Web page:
But what city could it be? His studies had taught him that in this little-explored portion of Barsoom the fierce tribe of Torquasian green men ruled supreme, and that as yet no red man had succeeded in piercing to the heart of their domain to return again to the world of civilization.
The men of Torquas had perfected huge guns with which their uncanny marksmanship had permitted them to repulse the few determined efforts that near-by red nations had made to explore their country by means of battle fleets of airships.
That he was within the boundary of Torquas, Carthoris was sure, but that there existed there such a wondrous city he never had dreamed, nor had the chronicles of the past even hinted at such a possibility, for the Torquasians were known to live, as did the other green men of Mars, within the deserted cities that dotted the dying planet, nor ever had any green horde built so much as a single edifice, other than the low-walled incubators where their young are hatched by the sun’s heat.
The encircling camp of green warriors lay about five hundred yards from the city’s walls. Between it and the city was no semblance of breastwork or other protection against rifle or cannon fire; yet distinctly now in the light of the rising sun Carthoris could see many figures moving along the summit of the high wall, and upon the roof tops beyond.
That they were beings like himself he was sure, though they were at too great distance from him for him to be positive that they were red men.
Almost immediately after sunrise the green warriors commenced firing upon the little figures upon the wall. To Carthoris’ surprise the fire was not returned, but presently the last of the city’s inhabitants had sought shelter from the weird marksmanship of the green men, and no further sign of life was visible beyond the wall.
Then Carthoris, keeping within the shelter of the trees that fringed the plain, began circling the rear of the besiegers’ line, hoping against hope that somewhere he would obtain sight of Thuvia of Ptarth, for even now he could not believe that she was dead.
That he was not discovered was a miracle, for mounted warriors were constantly riding back and forth from the camp into the forest; but the long day wore on and still he continued his seemingly fruitless quest, until, near sunset, he came opposite a mighty gate in the city’s western wall.
Here seemed to be the principal force of the attacking horde. Here a great platform had been erected whereon Carthoris could see squatting a huge green warrior, surrounded by others of his kind.
This, then, must be the notorious Hortan Gur, Jeddak of Torquas, the fierce old ogre of the south-western hemisphere, as only for a jeddak are platforms raised in temporary camps or upon the march by the green hordes of Barsoom.
As the Heliumite watched he saw another green warrior push his way forward toward the rostrum. Beside him he dragged a captive, and as the surrounding warriors parted to let the two pass, Carthoris caught a fleeting glimpse of the prisoner.
His heart leaped in rejoicing. Thuvia of Ptarth still lived!
It was with difficulty that Carthoris restrained the impulse to rush forward to the side of the Ptarthian princess; but in the end his better judgment prevailed, for in the face of such odds he knew that he should have been but throwing away, uselessly, any future opportunity he might have to succour her.
He saw her dragged to the foot of the rostrum. He saw Hortan Gur address her. He could not hear the creature’s words, nor Thuvia’s reply; but it must have angered the green monster, for Carthoris saw him leap toward the prisoner, striking her a cruel blow across the face with his metal-banded arm.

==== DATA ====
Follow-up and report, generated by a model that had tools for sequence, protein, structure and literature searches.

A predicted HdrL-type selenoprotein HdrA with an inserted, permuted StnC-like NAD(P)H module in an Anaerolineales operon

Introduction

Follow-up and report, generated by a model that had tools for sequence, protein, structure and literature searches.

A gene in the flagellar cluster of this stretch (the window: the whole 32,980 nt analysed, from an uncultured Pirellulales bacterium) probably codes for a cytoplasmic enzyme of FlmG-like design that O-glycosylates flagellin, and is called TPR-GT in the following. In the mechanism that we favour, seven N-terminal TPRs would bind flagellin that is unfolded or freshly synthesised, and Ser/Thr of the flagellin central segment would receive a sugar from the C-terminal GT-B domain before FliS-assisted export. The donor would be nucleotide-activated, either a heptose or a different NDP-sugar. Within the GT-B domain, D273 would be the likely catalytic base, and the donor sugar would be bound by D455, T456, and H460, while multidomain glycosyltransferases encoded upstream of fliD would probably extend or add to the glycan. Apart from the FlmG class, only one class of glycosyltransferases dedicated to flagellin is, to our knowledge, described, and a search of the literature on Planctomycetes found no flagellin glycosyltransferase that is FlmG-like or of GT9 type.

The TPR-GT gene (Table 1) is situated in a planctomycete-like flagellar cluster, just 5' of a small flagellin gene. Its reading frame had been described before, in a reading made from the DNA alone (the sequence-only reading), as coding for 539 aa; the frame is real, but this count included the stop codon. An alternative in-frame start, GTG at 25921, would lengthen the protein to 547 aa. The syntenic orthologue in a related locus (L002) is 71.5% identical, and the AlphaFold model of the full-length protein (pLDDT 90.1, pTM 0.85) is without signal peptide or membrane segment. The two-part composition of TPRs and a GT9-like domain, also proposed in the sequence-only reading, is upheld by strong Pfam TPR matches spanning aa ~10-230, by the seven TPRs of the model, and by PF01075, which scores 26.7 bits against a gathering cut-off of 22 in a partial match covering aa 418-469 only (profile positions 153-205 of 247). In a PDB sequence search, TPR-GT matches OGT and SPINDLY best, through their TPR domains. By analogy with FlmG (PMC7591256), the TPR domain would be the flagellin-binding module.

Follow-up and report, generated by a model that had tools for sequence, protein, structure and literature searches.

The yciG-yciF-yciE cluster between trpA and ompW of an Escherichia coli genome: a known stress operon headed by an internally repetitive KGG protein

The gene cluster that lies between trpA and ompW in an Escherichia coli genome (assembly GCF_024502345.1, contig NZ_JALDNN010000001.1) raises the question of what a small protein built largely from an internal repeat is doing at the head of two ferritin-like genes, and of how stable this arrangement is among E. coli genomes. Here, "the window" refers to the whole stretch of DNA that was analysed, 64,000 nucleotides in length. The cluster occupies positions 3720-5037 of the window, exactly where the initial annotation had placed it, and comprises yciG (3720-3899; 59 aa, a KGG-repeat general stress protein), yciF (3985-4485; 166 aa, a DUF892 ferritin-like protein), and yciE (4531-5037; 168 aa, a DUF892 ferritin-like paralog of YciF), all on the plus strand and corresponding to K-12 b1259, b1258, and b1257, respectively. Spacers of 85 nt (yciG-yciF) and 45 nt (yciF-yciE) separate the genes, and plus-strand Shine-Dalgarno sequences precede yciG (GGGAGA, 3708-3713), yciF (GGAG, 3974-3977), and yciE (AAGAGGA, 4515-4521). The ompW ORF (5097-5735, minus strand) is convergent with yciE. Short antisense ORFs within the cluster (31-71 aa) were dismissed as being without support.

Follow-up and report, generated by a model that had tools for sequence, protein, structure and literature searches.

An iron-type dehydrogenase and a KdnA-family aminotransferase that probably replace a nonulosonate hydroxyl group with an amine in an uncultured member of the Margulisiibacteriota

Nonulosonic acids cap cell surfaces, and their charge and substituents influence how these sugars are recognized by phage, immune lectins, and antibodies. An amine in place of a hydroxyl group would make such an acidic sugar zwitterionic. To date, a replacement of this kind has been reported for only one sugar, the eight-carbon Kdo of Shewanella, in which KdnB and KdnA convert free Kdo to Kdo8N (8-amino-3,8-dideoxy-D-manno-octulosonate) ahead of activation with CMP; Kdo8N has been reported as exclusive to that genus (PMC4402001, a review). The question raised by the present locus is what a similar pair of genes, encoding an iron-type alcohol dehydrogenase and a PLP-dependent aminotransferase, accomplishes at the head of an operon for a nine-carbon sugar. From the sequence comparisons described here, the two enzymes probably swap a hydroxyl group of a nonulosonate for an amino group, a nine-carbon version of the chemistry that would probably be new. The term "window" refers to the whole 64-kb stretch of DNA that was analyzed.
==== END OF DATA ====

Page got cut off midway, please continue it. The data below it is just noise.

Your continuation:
Then the son of John Carter, Jeddak of Jeddaks, Warlord of Barsoom, went mad. The old, blood-red haze through which his sire had glared at countless foes, floated before his eyes.
His half-Earthly muscles, responding quickly to his will, sent him in enormous leaps and bounds toward the green monster that had struck the woman he loved.
The Torquasians were not looking in the direction of the forest. All eyes had been upon the figures of the girl and their jeddak, and loud was the hideous laughter that rang out in appreciation of the wit of the green emperor’s reply to his prisoner’s appeal for liberty.
Carthoris had covered about half the distance between the forest and the green warriors, when a new factor succeeded in still further directing the attention of the latter from him.
Upon a high tower within the beleaguered city a man appeared. From his upturned mouth there issued a series of frightful shrieks; uncanny shrieks that swept, shrill and terrifying, across the city’s walls, over the heads of the besiegers, and out across the forest to the uttermost confines of the valley.
Once, twice, thrice the fearsome sound smote upon the ears of the listening green men and then far, far off across the broad woods came sharp and clear from the distance an answering shriek.
It was but the first. From every point rose similar savage cries, until the world seemed to tremble to their reverberations.
The green warriors looked nervously this way and that. They knew not fear, as Earth men may know it; but in the face of the unusual their wonted self-assurance deserted them.
And then the great gate in the city wall opposite the platform of Hortan Gur swung suddenly wide. From it issued as strange a sight as Carthoris ever had witnessed, though at the moment he had time to cast but a single fleeting glance at the tall bowmen emerging through the portal behind their long, oval shields; to note their flowing auburn hair; and to realize that the growling things at their side were fierce Barsoomian lions.
Then he was in the midst of the astonished Torquasians. With drawn long-sword he was among them, and to Thuvia of Ptarth, whose startled eyes were the first to fall upon him, it seemed that she was looking upon John Carter himself, so strangely similar to the fighting of the father was that of the son.
Even to the famous fighting smile of the Virginian was the resemblance true. And the sword arm! Ah, the subtleness of it, and the speed!
All about was turmoil and confusion. Green warriors were leaping to the backs of their restive, squealing thoats. Calots were growling out their savage gutturals, whining to be at the throats of the oncoming foemen.
Thar Ban and another by the side of the rostrum had been the first to note the coming of Carthoris, and it was with them he battled for possession of the red girl, while the others hastened to meet the host advancing from the beleaguered city.
Carthoris sought both to defend Thuvia of Ptarth and reach the side of the hideous Hortan Gur that he might avenge the blow the creature had struck the girl.
He succeeded in reaching the rostrum, over the dead bodies of two warriors who had turned to join Thar Ban and his companion in repulsing this adventurous red man, just as Hortan Gur was about to leap from it to the back of his thoat.